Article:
justifiable (stopping genocide or attempting so to do is always justifiable) if
it does not seem to be meeting that justified goal.

But that's about as far as my criticism of this war can go.

> I think that the working class does not need to
> choose between two evils.

I wish I knew who you meant by 'working class' but I'll let that pass.  Clearly
it's one of those clubs they're never going to let a maverick like me into.

The two evils you mention, NATO and the Milosevic government, are currently
locked into a horrible dance of death. Not to choose between them is to say 'I
throw my hands up in despair at this situation and cannot participate in any
discussion about it.' NATO might be bigger, scarier, nastier and more evil in
the long-term big picture scheme of things, but the Milosevic govenment still
needs to be stopped.

I am more uneasy about your suggestion of a 'political solution involving
grassroots organisations of "ordinary working class" people from Kosovo
Albanian and Serbian communities' as a solution in the case of Kosovar, in the
light of the situation on the ground right now, today (and not last month) than
I am about NATO's suggestion of bombing Belgrade as a solution.

The problem with your suggestion is that the putative members of those
grassroots organisations in Kosovar are clearly being systematically being
murdered or expelled from their homes by the Serbian army, in cases where the
Serbian army defines them as Albanian. You and I can argue over the fine points
of the propaganda war till we are both blue in the face but it isn't going to
stop anything or anyone from committing atrocities.

The other problem is that those members of those grassroots organisations seem
to be joining the KLA en masse, rather than the KSWP. For some reason. I think
that we are some way beyond grassroots organisations of "ordinary working
class" people. Moreover, it doesn't actually matter a fucking toss to most of
them what you or I think, since when a team of armed guys come round and burn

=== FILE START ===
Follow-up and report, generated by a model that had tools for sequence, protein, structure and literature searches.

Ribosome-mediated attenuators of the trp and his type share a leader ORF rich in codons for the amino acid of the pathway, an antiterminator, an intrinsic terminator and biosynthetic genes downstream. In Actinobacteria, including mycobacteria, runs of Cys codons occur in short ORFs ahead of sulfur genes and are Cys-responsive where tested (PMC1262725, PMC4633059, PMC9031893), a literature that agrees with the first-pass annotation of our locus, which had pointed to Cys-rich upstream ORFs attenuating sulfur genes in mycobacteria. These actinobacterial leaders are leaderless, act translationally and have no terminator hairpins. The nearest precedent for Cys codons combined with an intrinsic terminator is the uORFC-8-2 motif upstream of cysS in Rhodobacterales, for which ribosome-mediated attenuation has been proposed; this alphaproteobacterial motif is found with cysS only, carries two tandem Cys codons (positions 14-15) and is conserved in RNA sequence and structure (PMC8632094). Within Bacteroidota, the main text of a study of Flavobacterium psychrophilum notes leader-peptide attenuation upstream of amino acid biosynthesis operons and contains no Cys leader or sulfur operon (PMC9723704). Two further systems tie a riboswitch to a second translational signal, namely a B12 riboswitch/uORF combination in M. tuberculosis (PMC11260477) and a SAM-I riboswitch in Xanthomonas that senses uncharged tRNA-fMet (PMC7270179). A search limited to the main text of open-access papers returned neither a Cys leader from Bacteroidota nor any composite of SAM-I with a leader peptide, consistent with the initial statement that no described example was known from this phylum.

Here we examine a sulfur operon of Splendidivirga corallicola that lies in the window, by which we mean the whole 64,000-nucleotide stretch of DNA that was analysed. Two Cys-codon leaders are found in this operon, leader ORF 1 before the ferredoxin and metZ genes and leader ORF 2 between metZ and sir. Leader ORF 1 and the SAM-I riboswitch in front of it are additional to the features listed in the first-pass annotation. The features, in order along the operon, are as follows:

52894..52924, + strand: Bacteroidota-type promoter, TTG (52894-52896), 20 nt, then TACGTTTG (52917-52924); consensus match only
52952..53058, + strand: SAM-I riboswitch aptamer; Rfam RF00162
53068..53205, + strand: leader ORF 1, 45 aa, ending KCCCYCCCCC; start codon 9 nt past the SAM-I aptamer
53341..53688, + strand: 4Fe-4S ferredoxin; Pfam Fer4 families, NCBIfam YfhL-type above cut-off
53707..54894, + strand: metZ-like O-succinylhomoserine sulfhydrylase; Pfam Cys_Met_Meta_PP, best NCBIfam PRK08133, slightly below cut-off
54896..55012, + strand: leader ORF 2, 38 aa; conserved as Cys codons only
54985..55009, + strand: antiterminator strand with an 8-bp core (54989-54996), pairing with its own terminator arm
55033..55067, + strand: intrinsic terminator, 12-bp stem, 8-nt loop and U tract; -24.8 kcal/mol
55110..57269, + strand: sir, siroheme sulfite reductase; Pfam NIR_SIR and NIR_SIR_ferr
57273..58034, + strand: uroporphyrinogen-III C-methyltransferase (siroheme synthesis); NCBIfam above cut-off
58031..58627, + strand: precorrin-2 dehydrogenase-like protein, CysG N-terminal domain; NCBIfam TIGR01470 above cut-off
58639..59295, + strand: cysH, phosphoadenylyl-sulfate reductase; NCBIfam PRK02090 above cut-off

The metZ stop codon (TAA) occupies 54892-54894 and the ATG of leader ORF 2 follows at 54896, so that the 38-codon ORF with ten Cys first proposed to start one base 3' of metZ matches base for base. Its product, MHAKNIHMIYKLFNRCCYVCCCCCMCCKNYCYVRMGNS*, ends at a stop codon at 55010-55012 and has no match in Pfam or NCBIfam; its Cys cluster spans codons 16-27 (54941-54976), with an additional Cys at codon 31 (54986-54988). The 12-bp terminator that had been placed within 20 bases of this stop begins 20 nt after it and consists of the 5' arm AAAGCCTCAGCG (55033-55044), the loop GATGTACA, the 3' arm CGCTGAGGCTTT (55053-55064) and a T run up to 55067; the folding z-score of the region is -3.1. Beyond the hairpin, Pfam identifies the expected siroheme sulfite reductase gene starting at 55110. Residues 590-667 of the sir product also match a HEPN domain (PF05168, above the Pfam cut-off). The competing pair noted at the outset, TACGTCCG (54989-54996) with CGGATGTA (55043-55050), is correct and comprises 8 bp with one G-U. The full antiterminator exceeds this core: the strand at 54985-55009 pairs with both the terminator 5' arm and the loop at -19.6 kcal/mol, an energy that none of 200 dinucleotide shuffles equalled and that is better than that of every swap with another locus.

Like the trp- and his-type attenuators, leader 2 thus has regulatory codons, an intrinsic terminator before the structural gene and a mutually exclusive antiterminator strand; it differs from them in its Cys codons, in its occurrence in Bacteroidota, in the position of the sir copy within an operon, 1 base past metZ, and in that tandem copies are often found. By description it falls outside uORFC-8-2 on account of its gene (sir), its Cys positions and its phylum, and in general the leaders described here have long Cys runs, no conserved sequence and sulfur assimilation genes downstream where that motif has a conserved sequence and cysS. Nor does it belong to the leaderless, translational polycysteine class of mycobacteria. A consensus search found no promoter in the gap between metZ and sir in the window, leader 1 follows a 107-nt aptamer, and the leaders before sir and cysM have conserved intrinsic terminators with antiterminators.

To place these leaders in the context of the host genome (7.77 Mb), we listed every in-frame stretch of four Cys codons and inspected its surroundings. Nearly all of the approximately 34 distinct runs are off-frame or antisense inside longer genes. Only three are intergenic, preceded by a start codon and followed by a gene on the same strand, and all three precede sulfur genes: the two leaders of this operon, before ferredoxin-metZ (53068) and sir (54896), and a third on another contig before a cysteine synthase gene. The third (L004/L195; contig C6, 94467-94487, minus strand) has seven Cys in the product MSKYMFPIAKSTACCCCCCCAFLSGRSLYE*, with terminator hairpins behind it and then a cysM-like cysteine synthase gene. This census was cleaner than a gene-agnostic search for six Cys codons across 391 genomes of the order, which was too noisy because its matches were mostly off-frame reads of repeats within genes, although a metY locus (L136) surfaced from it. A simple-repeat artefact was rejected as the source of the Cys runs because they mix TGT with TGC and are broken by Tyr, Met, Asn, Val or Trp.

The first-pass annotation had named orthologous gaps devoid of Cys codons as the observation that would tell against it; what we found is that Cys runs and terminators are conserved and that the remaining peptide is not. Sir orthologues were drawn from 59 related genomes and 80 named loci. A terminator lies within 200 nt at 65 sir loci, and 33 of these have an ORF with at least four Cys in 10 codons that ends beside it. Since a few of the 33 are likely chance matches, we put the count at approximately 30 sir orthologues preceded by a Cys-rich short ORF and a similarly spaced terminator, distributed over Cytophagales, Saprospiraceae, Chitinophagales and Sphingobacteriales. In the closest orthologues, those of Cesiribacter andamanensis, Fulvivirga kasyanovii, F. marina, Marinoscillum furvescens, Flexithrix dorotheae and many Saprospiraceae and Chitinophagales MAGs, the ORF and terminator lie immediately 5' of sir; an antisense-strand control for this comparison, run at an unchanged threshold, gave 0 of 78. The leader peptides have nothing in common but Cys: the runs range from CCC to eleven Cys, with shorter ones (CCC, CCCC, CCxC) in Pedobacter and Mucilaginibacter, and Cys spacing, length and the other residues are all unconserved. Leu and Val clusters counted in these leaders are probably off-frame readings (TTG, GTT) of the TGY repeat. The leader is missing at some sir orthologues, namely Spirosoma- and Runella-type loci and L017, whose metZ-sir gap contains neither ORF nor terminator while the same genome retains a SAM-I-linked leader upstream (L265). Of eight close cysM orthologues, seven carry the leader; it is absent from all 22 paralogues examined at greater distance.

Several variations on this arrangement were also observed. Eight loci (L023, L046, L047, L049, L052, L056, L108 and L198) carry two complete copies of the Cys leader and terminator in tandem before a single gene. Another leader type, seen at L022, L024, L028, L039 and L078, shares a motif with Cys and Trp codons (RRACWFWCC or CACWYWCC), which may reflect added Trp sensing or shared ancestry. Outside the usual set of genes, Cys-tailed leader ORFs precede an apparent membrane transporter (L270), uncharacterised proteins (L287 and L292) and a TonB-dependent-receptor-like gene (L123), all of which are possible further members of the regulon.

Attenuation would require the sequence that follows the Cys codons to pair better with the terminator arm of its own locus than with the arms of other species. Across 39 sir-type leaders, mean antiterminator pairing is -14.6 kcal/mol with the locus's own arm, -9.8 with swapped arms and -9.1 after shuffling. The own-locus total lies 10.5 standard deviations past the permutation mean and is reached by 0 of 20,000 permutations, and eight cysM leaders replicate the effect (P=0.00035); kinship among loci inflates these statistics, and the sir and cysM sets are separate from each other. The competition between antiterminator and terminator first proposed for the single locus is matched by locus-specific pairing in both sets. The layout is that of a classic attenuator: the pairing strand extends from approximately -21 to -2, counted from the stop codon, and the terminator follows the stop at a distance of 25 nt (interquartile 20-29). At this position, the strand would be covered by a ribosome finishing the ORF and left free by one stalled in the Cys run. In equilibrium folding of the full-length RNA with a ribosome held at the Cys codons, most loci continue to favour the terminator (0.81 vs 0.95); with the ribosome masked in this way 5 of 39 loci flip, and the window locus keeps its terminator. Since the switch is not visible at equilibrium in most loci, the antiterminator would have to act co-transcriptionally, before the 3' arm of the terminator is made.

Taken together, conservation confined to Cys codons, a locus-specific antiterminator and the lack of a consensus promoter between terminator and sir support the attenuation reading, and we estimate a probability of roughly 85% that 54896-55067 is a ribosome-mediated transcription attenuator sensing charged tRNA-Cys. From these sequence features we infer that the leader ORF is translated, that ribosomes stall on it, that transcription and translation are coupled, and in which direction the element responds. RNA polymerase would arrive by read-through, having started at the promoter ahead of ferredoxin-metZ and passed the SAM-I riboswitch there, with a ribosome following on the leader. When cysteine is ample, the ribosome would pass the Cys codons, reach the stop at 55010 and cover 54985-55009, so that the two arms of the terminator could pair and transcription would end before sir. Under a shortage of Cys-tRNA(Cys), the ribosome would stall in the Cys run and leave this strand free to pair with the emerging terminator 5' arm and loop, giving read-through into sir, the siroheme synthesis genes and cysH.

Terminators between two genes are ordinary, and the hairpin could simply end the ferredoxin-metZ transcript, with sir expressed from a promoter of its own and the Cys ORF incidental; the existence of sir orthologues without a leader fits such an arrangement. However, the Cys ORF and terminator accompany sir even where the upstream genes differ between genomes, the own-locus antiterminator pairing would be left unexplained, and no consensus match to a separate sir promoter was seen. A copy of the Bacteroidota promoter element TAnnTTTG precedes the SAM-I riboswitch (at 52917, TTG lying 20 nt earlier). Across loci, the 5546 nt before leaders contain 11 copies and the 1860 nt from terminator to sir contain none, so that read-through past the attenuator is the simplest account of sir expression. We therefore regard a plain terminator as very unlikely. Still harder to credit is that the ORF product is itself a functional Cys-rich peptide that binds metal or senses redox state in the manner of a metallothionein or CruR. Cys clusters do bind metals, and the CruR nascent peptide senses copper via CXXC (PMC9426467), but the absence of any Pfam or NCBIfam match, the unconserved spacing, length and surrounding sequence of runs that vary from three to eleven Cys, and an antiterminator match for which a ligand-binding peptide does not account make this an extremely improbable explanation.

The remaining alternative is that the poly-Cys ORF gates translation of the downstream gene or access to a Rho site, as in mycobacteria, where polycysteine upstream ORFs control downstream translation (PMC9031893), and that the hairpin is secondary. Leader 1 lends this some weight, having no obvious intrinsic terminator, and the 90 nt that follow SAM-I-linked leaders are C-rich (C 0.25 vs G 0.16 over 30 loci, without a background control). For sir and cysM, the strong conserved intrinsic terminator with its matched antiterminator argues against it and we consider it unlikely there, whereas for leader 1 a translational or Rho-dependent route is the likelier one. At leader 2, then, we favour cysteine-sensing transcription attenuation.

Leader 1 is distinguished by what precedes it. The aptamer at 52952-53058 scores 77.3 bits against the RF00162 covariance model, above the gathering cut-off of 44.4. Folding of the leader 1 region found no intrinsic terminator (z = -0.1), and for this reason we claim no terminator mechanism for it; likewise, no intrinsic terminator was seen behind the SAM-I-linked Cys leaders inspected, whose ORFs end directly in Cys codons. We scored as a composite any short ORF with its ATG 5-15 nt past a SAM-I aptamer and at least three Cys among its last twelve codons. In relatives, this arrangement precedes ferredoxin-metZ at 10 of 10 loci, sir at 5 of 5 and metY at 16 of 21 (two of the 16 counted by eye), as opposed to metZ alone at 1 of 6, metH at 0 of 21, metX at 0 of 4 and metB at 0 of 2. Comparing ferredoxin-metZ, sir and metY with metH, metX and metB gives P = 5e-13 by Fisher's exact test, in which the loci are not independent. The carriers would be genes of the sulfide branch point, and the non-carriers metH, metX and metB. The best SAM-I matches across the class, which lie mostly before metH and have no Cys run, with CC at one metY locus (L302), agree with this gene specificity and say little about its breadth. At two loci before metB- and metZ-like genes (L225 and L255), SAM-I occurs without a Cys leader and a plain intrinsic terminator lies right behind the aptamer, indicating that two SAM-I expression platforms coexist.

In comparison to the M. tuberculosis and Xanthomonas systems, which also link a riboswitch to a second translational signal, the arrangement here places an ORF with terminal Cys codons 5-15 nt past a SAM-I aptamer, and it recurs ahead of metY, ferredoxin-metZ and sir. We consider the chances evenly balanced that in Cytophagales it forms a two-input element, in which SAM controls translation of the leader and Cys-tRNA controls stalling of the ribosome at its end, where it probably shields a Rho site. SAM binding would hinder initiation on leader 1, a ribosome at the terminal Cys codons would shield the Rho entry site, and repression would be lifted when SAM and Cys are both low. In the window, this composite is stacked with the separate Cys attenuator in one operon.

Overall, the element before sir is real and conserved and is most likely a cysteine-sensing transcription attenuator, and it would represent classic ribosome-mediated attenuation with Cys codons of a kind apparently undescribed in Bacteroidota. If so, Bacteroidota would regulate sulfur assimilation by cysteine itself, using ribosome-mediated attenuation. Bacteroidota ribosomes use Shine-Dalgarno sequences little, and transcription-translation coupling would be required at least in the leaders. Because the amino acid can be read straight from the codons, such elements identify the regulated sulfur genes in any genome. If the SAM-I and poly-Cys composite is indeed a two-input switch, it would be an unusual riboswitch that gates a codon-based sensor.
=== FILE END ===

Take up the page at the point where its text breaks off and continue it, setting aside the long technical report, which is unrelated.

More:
your house down, it's time to stop using terms like "ordinary working class"
and to start using terms like "how do we actually *stop* this" and "where can I
go" and "who's got a gun I can use."

> Clinton and Blair may be bigger threats to
> peace and security (if you look at their role in Iraq and Africa, as well
> as ex-Yugoslavia) but Milosevic is just a pawn in their game, even if he's
> a bit of a rogue pawn at the moment.  

Milosevic is a pawn. But he's a rogue pawn. Uhuh. While you make your mind up,
let's just count the numbers of displaced people in the Kosovo area shall we?
There's time.

> Clinton and Blair don't give a shit
> about people anywhere: neither does Milosevic- they're all imperialist
> warlords and all should be opposed.

Now I wouldn't vote for any of these people. I wouldn't join an organisation
supporting any of these people. But I can tell the difference between Clinton
and Blair on the one hand, and Milosevic on the other. Can't you? Really not?

> Arguments about politics shouldn't get in the way of building
> as big as possible anti-war movement.

No. Unfortunately, in this specific case, arguments about the war itself do get
in the way of building as big as possible an anti-war movement. The major
weakness in your argument is the fact that you discuss 'as big as possible an
anti-war movement' without looking at why it really isn't very big at all in
the scheme of things, and why so many of us who are normally quite comfortable
and happy in the anti-war movement are more than just uneasy about it but are
actively refusing to join it. In this case.

> I argue that the anti-war movement in Britain should be quite clearly
> anti-Milosevic as this is the best tactics to appeal to most in Britain.

In the words of four million Sun readers - to whom you are trying and failing
to appeal - bollocks. At which point they will turn away and not listen to you
any more, and I will try and explain why being anti-war *and* anti-Milosevic
right now is not going to appeal to any more than those few isolated pockets of
middle-class Socialist Worker cult members who have never been known to have
any particular value for logic, consistency or thinking things through.
Anti-war *and* anti-Milosevic. So. How else do you want to express your
anti-Milosevicism? By appealing to non-existent grassroots movements of
ordinary working class dead Albanian Kosovars? Bollocks.

> It also shows maximum solidarity with the struggling working class of
> Serbia/ Kosovo. The anti-war movement here is still small but the tide is
> slowly beginning to turn.

No it isn't. Sorry. It's turning the other way. The longer this goes on, the
more that people, like me, who are normally anti-war, are realising that much
as we hate the whole Clinton-Blair NATO thing, we can't justify opposing this

> We were not consulted about this war.

Or any war. Be serious.

Victory to whoever stops the killings soonest by whatever means.